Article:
Bnonn Tennant (the B is silent)

Where a recovering ex-atheist skewers things with a sharp two-edged sword

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Is the Sabbath still required for Christians?

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13 minutes to read One of the characteristics of the “New Calvinism” is that it is generally anti-sabbatarian. Is this right?

The Sabbath has been a topic of discussion at our church lately, and recently this excerpt from Tom Schreiner’s book became a nexus for that discussion.

The excerpt is worth reading in its own right, and I’ll presuppose that you have read it; now I wish to add some extra thoughts of my own.

I’ll preface what I’m about to say by acknowledging that covenant theology is complex, and I need to do more reading here. So I reserve the right to contradict myself later.

1. The unity of the Mosaic covenant


I think the three-part division of the Mosaic covenant (moral, civil, ceremonial) is sometimes useful as a simplistic way of parsing the kinds of laws it contains, or the purposes of those laws. However, it is a system imposed onto the covenant rather than derived from it. It is artificial, and in the strictest sense, if you’re getting into the nature and unity of the covenant, it is simply wrong. I’m not aware of any evidence that the covenant itself draws such distinctions, or that the Jews drew such distinctions.

For instance, all of the Mosaic laws had a moral character by merit of being commanded by God. They don’t all reflect universal moral laws, but they are all moral in character. And this works in reverse: I’m not sure why we should think that what we call the “moral law,” as summarized in the ten commandments, is not also civil and/or ceremonial. Indeed, as Schreiner shows, there’s a very good reason to think that the command about the Sabbath, at least, is ceremonial. Trying to slice and dice the covenant this way just doesn’t work for a thoroughgoing analysis, because all the laws have a moral character, and sometimes the ceremonial and civil laws overlap.


Another issue arises here: the fact that the Decalogue stands out in the covenant textually doesn’t mean that it stands out from the covenant legally. The ten commandments cannot be separated from the rest of the covenant as if they were an independent clause which was not made obsolete at the cross. They are directly tied into the rest of the covenant. The covenant has either been made redundant, or it hasn’t. If the ten commandments have not been made redundant, then the rest of the covenant has not been made redundant; but in that case we should be stoning adulterers and sacrificing bulls.

2. Problems imposing the Mosaic covenant on Christians

But if the Mosaic covenant has been made obsolete—and it has (Hebrews 8:13-14)—then the Lord’s day is not the Sabbath. The evidence from history and Scripture which Schreiner cites certainly demonstrates that. However, the most compelling case is simply in how a Christian Sabbath leads to gross theological inconsistency.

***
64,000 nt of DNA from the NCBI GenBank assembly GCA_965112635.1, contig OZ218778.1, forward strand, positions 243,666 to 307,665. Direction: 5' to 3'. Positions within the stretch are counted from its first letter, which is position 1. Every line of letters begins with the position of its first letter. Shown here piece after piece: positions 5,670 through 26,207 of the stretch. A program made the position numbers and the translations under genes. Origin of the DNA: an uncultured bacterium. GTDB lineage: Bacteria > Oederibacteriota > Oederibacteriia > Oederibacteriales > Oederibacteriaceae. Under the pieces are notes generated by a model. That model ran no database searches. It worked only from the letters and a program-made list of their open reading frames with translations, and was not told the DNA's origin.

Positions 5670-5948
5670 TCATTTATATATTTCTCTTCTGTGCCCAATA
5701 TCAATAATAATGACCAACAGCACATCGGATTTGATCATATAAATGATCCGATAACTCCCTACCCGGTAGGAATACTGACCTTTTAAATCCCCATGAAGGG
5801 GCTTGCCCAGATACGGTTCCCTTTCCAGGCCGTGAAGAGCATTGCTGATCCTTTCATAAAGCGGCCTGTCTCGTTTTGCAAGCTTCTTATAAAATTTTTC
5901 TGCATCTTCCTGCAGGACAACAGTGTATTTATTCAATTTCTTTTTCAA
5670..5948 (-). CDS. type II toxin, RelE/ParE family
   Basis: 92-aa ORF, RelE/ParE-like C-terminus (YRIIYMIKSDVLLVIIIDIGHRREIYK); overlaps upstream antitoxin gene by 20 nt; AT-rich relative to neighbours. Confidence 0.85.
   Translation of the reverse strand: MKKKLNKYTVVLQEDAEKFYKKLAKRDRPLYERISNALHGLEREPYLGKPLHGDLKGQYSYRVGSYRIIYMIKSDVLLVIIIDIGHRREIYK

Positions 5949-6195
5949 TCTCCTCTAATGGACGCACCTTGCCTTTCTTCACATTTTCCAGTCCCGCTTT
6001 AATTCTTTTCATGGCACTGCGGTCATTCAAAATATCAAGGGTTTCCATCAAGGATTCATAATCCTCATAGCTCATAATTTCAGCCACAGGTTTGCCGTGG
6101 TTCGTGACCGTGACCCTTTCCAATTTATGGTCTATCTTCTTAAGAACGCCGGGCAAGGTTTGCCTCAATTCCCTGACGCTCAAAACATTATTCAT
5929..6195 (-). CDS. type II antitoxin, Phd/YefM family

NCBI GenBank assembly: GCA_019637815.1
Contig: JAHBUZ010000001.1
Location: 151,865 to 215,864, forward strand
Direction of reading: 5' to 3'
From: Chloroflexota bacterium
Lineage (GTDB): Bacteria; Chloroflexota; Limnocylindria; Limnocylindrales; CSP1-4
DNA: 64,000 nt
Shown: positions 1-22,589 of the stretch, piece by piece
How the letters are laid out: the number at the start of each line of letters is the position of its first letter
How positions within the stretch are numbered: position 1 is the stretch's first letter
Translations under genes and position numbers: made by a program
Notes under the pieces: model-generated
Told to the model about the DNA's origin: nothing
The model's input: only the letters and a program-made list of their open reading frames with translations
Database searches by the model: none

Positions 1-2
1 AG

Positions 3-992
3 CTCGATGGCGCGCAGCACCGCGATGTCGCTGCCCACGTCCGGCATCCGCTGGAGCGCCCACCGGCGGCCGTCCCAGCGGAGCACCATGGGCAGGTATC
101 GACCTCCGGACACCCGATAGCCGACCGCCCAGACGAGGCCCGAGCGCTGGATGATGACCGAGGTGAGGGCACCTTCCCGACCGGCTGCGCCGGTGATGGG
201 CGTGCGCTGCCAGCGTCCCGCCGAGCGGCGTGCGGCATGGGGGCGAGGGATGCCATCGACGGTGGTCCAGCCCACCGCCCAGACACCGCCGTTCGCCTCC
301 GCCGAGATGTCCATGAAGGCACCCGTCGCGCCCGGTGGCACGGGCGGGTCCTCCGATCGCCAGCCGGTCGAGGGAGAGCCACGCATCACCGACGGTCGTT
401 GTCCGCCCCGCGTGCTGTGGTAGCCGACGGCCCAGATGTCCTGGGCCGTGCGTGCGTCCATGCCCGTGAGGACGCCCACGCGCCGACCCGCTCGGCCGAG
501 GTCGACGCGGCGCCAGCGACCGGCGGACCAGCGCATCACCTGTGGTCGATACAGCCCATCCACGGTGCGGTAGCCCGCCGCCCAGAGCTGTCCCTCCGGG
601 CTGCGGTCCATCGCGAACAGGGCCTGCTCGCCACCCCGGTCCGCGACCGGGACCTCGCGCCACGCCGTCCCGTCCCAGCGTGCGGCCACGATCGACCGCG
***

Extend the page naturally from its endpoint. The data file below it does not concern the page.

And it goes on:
For instance, are we allowed to light a fire on the Lord’s day (Exodus 35:3)? If not, why not? Is it because the Mosaic covenant prohibits it? But if we’re determining what constitutes a violation of the Sabbath from the Mosaic covenant, shouldn’t we also be determining what constitutes a punishment from the Mosaic covenant? Exodus 35:2 says that anyone who violates the Sabbath shall be put to death. How can we separate verse 2 from verse 3, as if one is still in effect and the other isn’t? Where’s the warrant for being so radically inconsistent?

On the other hand, if you want to say that lighting a fire is okay on the Sabbath, then you’ve done away with the entire concept of the Sabbath. You’re not observing the Sabbath any more, because the Sabbath is Mosaic. You’re simply taking the idea of a rest day and slotting it into the new covenant. But a rest day—let alone a rest day when you worship—is not the Sabbath, and calling it that is anachronistic. If you’re throwing out the Mosaic covenant, as you should since it is obsolete, then you need some other basis for imposing the Sabbath on God’s people. It certainly isn’t mandated in the new covenant. There is no reiteration of the Sabbath command with a revision of the violations and penalties.

3. Creation mandate

A sabbatarian could answer by saying that the Sabbath is modeled for us in creation (Genesis 2:2-3). That’s why we should observe it. Schreiner really skipped over this, so let’s run with the argument.


The most obvious problem here is that Genesis doesn’t call the seventh day a Sabbath. The term “Sabbath” is specifically a Mosaic one. So again, it’s anachronistic to say that you get the Sabbath from Genesis. You don’t. You get a rest day from Genesis, on which the Mosaic Sabbath is modeled. So that defeats your typical form of sabbatarianism straight up.